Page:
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The original item was published from 9/13/2016 11:18:59 AM to 1/1/2017 12:00:07 AM.

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Posted on: September 13, 2016

[ARCHIVED] 09/13/16 Bristol Is Tradition

Tradition. This word tends to be used fairly frequently in conversations surrounding the various events, attractions, and general goings-on around Bristol. Its meaning, however, occasionally becomes a bit lost or even clichéd due to its frequent use. Some people even view tradition as a negative at times, equating its meaning with being stuck in the past or outdated. In reality, tradition is anything but that. Tradition means handing down information, customs, stories, and more from one generation to the next, both through our words and our actions. To know Bristol is to know the true meaning of this word, and to see how our roots are steeped in the traditions of the past while we simultaneously create new traditions every day for future generations to pass on.

There are few, if any, traditions that more truly represent the fabric of our American heritage than the holidays that serve as milestones throughout the summer. We remember our fallen heroes on Memorial Day, widely considered to be the unofficial beginning of the season. We march onward toward the 4th of July, the birth of our independent nation in 1776, watching fireworks symbolizing the “bombs bursting in air” seen by Francis Scott Key in 1814, perhaps following a game of America’s national pastime. Lastly we arrive, just as we did this past week, to the ceremonial end of the summer, Labor Day; a holiday to commemorate the heritage of blood, sweat, tears, and hard work that could only be made in America. For each of these celebrations, many of us celebrate with a customary family cookout, featuring such classic favorites as hamburgers, hot dogs, and maybe even a few uniquely southern staples (like our treasured sweet tea).

While these summer traditions are lauded and celebrated throughout our great country, Bristol has a few unique traditions of our own. Just over a month before Memorial Day, Bristol Motor Speedway roars to life for the Sunday afternoon NASCAR race, just like it did for the first time in July of 1961. A few months later, the sun goes down and the track lights come on for the most exciting night race in the country. Each of these races would be spectacular on their own, but they are made all the more special by the gratitude and hospitality shown to the drivers and fans alike that is absolutely unique to Bristol. This year, another contest of epic proportions took place under those same lights, when the Tennessee Volunteers and Virginia Tech Hokies met each other in the largest football game in history. On the eve of this record-breaking spectacle, the Last Great Colosseum welcomed fans as the Speedway was filled with the sounds of East Tennessee’s own Kenny Chesney and The Band Perry. Could this perhaps be the start of another Bristol tradition?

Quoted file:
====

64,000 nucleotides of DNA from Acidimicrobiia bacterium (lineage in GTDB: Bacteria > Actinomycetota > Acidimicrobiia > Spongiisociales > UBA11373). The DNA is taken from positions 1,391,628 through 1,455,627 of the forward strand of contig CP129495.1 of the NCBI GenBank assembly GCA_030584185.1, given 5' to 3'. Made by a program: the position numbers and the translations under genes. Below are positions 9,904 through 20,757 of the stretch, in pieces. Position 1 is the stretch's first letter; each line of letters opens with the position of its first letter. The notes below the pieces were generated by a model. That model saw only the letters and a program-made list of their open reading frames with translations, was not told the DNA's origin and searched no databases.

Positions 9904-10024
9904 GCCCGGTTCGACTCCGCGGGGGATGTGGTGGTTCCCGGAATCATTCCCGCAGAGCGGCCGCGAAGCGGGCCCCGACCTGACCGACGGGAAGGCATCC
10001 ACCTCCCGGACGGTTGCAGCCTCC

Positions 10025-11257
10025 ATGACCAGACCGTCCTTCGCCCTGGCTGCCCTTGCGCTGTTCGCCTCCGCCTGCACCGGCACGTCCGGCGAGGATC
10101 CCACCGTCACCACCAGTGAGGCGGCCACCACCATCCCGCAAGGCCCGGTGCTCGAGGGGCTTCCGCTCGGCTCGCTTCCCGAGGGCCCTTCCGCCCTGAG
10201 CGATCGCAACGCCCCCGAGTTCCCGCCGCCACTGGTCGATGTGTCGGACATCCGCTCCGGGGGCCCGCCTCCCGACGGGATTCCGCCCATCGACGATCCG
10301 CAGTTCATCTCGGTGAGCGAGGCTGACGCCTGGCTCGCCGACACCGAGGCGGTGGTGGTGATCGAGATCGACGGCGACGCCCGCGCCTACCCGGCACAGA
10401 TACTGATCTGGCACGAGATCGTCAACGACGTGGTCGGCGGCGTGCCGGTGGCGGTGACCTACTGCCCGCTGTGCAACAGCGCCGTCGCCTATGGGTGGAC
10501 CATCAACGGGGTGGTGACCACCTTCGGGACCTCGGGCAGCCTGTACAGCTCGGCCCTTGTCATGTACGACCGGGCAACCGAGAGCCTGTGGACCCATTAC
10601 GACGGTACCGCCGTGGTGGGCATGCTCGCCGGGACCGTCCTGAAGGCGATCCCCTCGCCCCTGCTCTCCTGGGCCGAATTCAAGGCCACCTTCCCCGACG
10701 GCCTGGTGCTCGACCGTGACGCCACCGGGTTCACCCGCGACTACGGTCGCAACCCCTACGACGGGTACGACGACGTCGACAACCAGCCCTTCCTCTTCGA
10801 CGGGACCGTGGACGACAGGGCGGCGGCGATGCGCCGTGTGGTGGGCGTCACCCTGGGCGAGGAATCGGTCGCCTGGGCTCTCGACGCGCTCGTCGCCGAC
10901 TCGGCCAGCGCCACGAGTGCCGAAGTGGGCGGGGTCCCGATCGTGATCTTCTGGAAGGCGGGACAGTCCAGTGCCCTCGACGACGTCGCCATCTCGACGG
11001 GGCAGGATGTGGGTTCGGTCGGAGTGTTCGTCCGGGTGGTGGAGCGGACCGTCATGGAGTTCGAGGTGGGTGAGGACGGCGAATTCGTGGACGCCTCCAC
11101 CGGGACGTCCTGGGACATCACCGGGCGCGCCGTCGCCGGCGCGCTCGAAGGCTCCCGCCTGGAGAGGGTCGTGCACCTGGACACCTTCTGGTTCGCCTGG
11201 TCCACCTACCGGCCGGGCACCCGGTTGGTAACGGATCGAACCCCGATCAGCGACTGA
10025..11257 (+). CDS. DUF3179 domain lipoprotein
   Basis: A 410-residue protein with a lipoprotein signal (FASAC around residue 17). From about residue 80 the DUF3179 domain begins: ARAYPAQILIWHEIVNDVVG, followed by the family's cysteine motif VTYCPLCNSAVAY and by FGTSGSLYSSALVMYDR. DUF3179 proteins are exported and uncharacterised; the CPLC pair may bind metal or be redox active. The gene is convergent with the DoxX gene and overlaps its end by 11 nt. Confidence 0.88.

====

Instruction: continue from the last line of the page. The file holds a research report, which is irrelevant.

Before long, the summer heat begins to give way, and suddenly, to borrow a phrase, the hills are alive with the sound of music. When the dust of the gridiron has barely settled, the Bristol Rhythm & Roots Reunion, now in its 15th year, will fill historic downtown Bristol with the familiar sounds of the old-time, folk, bluegrass, Americana, and country music first made famous right here at the 1927 Bristol sessions. While this collective country or “hillbilly” music was certainly introduced to the world in Bristol, it wasn’t necessarily born here; in fact, it’s hard to point out any specific physical birthplace. Instead, this music was born out of that same sense of tradition that the early settlers of these mountains brought with them from Europe, Africa, and many other cultures they encountered on their journey. Their ballads, hymns, chants, and string tunes melded together, and were passed down through families as a way to express joy and praise, grief and sadness, but above all, to tell their story. That said, in a sense, while this music certainly gestated and grew in these hills, it was Ralph Peer and his electric microphone that really brought it out into the light of popular recorded music, so one would certainly be correct in proclaiming Bristol’s tradition as the Birthplace of Country Music.

By the close of the festival, the first official days of fall will be on our doorstep, a familiar chill will come into the air, and we just might start to see the first tinges of color in the leaves atop the mountains. Perhaps it is that crisp air that holds the secret to the most precious tradition of all: the intangible, indescribable feeling of comfort knowing that this beautiful place will always be “home.” In the end, Bristol doesn’t seem so much to be a product or sum of the traditions that take place here; it’s more than that. Bristol is tradition, and we couldn’t be more proud of that.

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Taylor Harmon

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